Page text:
The long-awaited 2021 Federal Budget was tabled yesterday and, in short, it disappoints. The Federal government is proposing a level of program spending unmatched in Canadian history and intends to borrow very, very heavily to pay for it. With an expected deficit of over $350 billion for 2020-2021 and a forecasted deficit of over $150 billion for 2021-2022, we are looking at a total debt of over one trillion dollars, with zero plan in place to pay it back.
Business growth is the key to post-pandemic recovery, yet this Budget does little to support Canadian businesses and their entrepreneurial leaders—with the possible exception of Green Tech companies. The promises contained in the Budget to conquer COVID-19, “punch our way out of the COVID recession”, and build a better, fairer, more prosperous, and more innovative future ring hollow, despite the 724 pages used to communicate them.
Below is our commentary on the 2021 Federal Budget:
We were surprised by the lack of tax changes in the Budget, as there had been significant rumours to the contrary. There was no change proposed to the capital gains inclusion rate, no elimination of the principal residence exemption, no wealth tax introduced, and no increase in personal and corporate tax rates. This all equals good news for the vast majority of our clients.
That said, someone will eventually need to pay for all this proposed spending. Today’s deficit usually results in tomorrow’s taxes. In the absence of a long-term plan to balance the Budget, business owners have been left with a high level of uncertainty—and unease—regarding how much they may be on the hook for down the road.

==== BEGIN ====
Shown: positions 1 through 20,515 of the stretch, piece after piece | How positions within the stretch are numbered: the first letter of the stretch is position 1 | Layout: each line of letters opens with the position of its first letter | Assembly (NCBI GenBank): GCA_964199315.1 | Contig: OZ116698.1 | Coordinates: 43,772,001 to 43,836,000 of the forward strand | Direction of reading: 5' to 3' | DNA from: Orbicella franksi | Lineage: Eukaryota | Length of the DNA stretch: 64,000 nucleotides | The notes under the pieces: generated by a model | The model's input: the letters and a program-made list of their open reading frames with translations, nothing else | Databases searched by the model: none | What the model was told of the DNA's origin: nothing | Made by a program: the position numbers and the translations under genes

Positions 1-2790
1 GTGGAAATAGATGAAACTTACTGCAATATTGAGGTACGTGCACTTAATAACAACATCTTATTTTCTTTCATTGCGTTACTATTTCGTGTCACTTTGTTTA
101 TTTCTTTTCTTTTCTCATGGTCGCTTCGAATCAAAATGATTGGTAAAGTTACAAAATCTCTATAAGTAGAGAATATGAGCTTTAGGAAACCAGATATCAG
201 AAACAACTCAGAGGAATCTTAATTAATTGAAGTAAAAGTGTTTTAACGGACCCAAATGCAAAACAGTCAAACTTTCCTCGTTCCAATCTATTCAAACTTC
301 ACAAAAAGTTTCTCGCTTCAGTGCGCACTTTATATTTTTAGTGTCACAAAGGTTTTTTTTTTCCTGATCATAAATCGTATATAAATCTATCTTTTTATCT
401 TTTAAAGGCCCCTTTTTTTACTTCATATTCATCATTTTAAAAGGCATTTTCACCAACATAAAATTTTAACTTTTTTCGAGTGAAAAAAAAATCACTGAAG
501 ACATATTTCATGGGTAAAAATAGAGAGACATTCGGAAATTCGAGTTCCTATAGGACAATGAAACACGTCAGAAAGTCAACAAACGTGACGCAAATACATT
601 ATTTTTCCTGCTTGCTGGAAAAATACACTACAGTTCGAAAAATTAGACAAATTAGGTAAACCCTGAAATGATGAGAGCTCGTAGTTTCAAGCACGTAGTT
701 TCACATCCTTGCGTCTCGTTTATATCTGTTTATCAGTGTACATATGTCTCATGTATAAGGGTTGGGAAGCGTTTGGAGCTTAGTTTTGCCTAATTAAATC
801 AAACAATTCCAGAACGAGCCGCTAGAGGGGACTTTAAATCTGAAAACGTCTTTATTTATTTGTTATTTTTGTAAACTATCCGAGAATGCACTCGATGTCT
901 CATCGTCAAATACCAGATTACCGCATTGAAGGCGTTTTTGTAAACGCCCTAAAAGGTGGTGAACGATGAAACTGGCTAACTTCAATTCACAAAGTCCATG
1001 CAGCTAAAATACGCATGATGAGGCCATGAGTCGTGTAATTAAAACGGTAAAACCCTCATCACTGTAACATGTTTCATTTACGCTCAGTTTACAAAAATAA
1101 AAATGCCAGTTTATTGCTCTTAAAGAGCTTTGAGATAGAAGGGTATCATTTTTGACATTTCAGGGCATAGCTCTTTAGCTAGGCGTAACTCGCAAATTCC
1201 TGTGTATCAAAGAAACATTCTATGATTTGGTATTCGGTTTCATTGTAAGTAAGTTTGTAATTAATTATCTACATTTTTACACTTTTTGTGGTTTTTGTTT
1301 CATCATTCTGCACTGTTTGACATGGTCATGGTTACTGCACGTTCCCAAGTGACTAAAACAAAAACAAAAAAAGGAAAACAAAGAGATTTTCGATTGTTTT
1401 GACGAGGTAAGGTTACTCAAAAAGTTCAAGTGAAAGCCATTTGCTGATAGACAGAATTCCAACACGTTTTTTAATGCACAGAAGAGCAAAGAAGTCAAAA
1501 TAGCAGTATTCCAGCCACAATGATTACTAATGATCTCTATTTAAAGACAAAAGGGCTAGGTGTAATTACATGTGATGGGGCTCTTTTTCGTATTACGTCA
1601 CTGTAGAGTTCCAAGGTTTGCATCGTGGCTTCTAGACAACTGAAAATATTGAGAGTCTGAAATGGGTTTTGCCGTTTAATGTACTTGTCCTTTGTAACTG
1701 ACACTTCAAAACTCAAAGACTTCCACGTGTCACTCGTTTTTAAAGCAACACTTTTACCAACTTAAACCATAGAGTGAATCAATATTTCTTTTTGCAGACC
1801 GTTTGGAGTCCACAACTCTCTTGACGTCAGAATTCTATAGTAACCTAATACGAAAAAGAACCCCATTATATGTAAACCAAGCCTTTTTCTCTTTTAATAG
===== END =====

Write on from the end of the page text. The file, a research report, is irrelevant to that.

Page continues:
The few new tax measures that were proposed in the Budget include a luxury tax on six-figure vehicles, a Digital Services Tax, and the application of HST to e-commerce. None of which is expected to have any significant fiscal impact.
The Budget also includes measures to crack down on tax evasion and aggressive tax avoidance.
Some companies and high net worth individuals will be affected by the additional tax disclosures proposed for complex tax arrangements, and large international companies will need to contend with increased limitations on interest deductions through the adoption of BEPS measures.
Although the Budget contains a significant amount of non-COVID spending, it does extend some of the current business support programs. The Budget proposes to extend the Canada Emergency Wage Subsidy (CEWS) and the Canada Emergency Rent Subsidy (CERS)—both scheduled to expire in June—to at least the end of September, although the subsidy rates for both programs would gradually decline after July 4th. The Budget also proposes the introduction a new COVID-19 support program called the Canada Recovery Hiring Program.
The Budget promises about $17 billion to promote a “green” recovery out of the COVID-19 pandemic and create jobs in the years ahead. It sets out a plan to help achieve GHG emissions reductions of 36 per cent from 2005 levels by 2030, and net-zero emissions by 2050.
We are having a great deal of difficulty understanding what this all means for businesses and consumers.
For weeks we have been wondering how can we turn our firm into a net-zero carbon emitter. The truth: we don’t think we can. We live in Canada. In Toronto, the average temperature is below 15 degrees Celsius for 8 months of the year—sometimes well below—and so we consume natural gas to keep our office warm. Our office infrastructure depends on energy purchased from Alectra Utilities, who are in turn dependent on Ontario’s electricity supply mix—which supports excess demand by burning natural gas.